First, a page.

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OT:Incandescent "soft white" bulb coating?

Discussion in 'Electronic Basics' started by Bob Masta, Jan 21, 2005.

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  1. Bob Masta

    Bob Masta Guest

    Not exactly an electronics question, but I know some
    lighting gurus hang out here. (Google hasn't been any
    help so far.)

    What is the stuff used as the coating on typical
    incandescent "soft white" bulbs? I gather that
    the non-soft-white are simply acid etched on the
    inside of the envelope, but the soft white have
    a separate powder applied somehow. What
    is this stuff chemically? What makes it stick?
    (It seems pretty fragile if you touch it on a
    broken envelope piece.)

    Thanks!


    Bob Masta
    dqatechATdaqartaDOTcom

    D A Q A R T A
    Data AcQuisition And Real-Time Analysis
    www.daqarta.com
     
  2. Dan Ritter

    Dan Ritter Guest

    All I know is that at least in flourescant lights they use different
    shades of colored phosphors. I would imagine it's the same stuff but I
    don't know.
     
  3. Doesn't stuck much... Even the broken pieces of filament swirled around
    inside the bulb scrape off the powder. Hopefully it is just some talc,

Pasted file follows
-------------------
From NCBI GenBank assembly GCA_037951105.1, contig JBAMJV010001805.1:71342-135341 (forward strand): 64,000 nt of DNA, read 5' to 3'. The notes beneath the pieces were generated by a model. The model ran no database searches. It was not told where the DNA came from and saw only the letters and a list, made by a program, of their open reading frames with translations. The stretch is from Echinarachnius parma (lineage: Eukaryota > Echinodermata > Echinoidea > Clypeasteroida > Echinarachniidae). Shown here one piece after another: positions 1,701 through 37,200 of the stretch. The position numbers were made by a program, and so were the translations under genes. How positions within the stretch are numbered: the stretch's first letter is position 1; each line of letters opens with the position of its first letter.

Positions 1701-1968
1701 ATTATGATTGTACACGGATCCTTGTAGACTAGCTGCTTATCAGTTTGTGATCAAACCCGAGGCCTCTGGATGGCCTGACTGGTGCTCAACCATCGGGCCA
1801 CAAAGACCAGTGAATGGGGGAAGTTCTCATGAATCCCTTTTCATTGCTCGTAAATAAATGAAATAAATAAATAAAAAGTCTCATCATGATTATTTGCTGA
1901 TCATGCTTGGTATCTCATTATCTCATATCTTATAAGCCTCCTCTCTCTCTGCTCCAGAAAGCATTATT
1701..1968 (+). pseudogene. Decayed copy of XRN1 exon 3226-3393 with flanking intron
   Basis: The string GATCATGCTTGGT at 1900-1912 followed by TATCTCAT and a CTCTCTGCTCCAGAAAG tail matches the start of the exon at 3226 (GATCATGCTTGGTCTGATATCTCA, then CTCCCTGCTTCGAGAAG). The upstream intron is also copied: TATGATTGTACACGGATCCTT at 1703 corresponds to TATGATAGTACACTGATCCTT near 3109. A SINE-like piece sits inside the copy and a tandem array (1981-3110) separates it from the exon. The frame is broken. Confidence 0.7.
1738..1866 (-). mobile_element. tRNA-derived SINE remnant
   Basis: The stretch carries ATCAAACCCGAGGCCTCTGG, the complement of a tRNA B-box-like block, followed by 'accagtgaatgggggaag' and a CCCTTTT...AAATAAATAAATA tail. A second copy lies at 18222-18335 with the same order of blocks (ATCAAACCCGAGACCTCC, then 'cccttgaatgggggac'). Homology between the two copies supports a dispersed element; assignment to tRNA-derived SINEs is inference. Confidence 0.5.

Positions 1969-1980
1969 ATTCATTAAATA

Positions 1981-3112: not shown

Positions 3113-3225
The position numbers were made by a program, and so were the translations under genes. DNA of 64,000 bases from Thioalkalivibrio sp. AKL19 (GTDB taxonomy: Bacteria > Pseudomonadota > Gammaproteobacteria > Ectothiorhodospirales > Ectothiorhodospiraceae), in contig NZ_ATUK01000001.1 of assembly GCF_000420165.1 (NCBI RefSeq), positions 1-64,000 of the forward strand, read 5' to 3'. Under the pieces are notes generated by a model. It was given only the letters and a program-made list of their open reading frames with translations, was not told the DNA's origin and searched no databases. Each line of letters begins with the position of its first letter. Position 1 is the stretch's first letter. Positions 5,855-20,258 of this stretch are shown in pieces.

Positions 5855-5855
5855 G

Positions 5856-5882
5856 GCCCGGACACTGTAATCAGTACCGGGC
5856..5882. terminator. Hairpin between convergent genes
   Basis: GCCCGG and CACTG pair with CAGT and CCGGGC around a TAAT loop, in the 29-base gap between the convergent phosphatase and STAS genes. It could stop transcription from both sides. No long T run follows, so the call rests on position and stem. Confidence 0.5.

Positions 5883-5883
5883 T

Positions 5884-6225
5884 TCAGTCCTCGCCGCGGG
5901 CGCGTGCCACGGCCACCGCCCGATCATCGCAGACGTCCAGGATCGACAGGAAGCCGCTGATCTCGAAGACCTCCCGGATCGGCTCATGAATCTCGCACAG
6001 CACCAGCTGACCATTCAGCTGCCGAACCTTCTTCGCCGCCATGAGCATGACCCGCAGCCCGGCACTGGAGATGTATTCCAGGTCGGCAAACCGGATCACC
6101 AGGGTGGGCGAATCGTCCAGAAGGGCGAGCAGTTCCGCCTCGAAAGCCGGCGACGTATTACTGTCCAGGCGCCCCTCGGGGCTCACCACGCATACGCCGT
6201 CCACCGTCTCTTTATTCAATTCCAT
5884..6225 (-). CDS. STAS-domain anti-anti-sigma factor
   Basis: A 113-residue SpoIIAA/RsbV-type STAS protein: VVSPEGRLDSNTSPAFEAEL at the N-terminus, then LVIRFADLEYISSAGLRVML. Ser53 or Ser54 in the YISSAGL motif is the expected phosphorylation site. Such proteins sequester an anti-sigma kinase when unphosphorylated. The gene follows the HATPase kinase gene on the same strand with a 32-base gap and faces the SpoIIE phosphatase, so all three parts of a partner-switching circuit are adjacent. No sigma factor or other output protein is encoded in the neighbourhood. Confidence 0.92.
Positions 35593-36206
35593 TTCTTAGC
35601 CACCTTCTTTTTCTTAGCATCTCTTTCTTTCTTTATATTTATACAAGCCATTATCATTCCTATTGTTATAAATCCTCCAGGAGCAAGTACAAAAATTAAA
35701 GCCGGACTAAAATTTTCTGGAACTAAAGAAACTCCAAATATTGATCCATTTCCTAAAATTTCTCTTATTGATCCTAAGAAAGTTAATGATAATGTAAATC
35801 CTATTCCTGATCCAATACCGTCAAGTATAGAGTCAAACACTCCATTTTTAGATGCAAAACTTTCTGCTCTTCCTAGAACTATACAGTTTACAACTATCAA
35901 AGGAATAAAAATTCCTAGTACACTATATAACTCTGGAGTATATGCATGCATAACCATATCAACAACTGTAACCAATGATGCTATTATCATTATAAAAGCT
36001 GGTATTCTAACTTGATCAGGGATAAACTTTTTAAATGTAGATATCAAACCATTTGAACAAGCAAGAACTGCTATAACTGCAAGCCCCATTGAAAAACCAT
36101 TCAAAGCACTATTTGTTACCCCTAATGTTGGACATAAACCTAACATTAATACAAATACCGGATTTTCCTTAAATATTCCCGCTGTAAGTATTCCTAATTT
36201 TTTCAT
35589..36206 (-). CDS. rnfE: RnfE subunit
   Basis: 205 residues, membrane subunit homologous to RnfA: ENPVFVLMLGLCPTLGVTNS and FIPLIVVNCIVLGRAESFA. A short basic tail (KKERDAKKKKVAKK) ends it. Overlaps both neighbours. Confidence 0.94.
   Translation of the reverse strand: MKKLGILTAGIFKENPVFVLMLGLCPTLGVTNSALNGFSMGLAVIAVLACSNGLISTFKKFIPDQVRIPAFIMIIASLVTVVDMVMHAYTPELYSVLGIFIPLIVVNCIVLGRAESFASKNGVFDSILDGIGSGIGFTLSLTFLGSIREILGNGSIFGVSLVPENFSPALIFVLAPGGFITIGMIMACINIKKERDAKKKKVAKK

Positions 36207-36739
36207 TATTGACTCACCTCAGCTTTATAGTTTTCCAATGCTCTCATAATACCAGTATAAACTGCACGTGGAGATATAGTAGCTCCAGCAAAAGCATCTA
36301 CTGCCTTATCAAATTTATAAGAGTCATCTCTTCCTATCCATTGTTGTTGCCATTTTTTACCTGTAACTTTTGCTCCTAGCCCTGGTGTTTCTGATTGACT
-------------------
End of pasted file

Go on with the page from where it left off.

gypsum, ...

    sdb
     
  4. The two commonly used finishes inside are etched glass (frosted) and applied
    silica powder. As I said, the etched glass is known as 'inside-frosted' or
    simply 'frosted' and results in the appearance of a glowing ball of light within
    the globe. But silica powder is also used, and called 'soft-white' by most
    major manufacturers. Although this cuts output more than etched glass, it makes
    the entire bulb glow more evenly.

    I hope this helps some.

    Jon
     
  5. Bob Masta

    Bob Masta Guest

    Thanks, Jon, this is exactly the sort of info I was
    hoping for. Any idea what makes the silica stay on the
    inside of the envelope?

    Thanks again!


    Bob Masta
    dqatechATdaqartaDOTcom

    D A Q A R T A
    Data AcQuisition And Real-Time Analysis
    www.daqarta.com
     
  6. No, but I honestly haven't tried to fathom this in any detail. I don't either
    have theory or experimental data to suggest much to me.

    If you have a bulb to break open, see how well you can clean the substance off
    with your fingers or wet rag. If it all comes off easily, then it is probably
    surface tension and possibly some frosting on the inside to encourage that
    tension and the particles are probably "very, very tiny." Otherwise, maybe they
    "use something." But my bet would be that they would avoid depending on
    anything other than the silica -- the more that is added, the higher the cost
    (especially, as it is hard to find higher-temp materials and deal with
    outgasing, etc.) and the more dangerous it may be in the home, as well.

    But I just don't know.

    Jon
     
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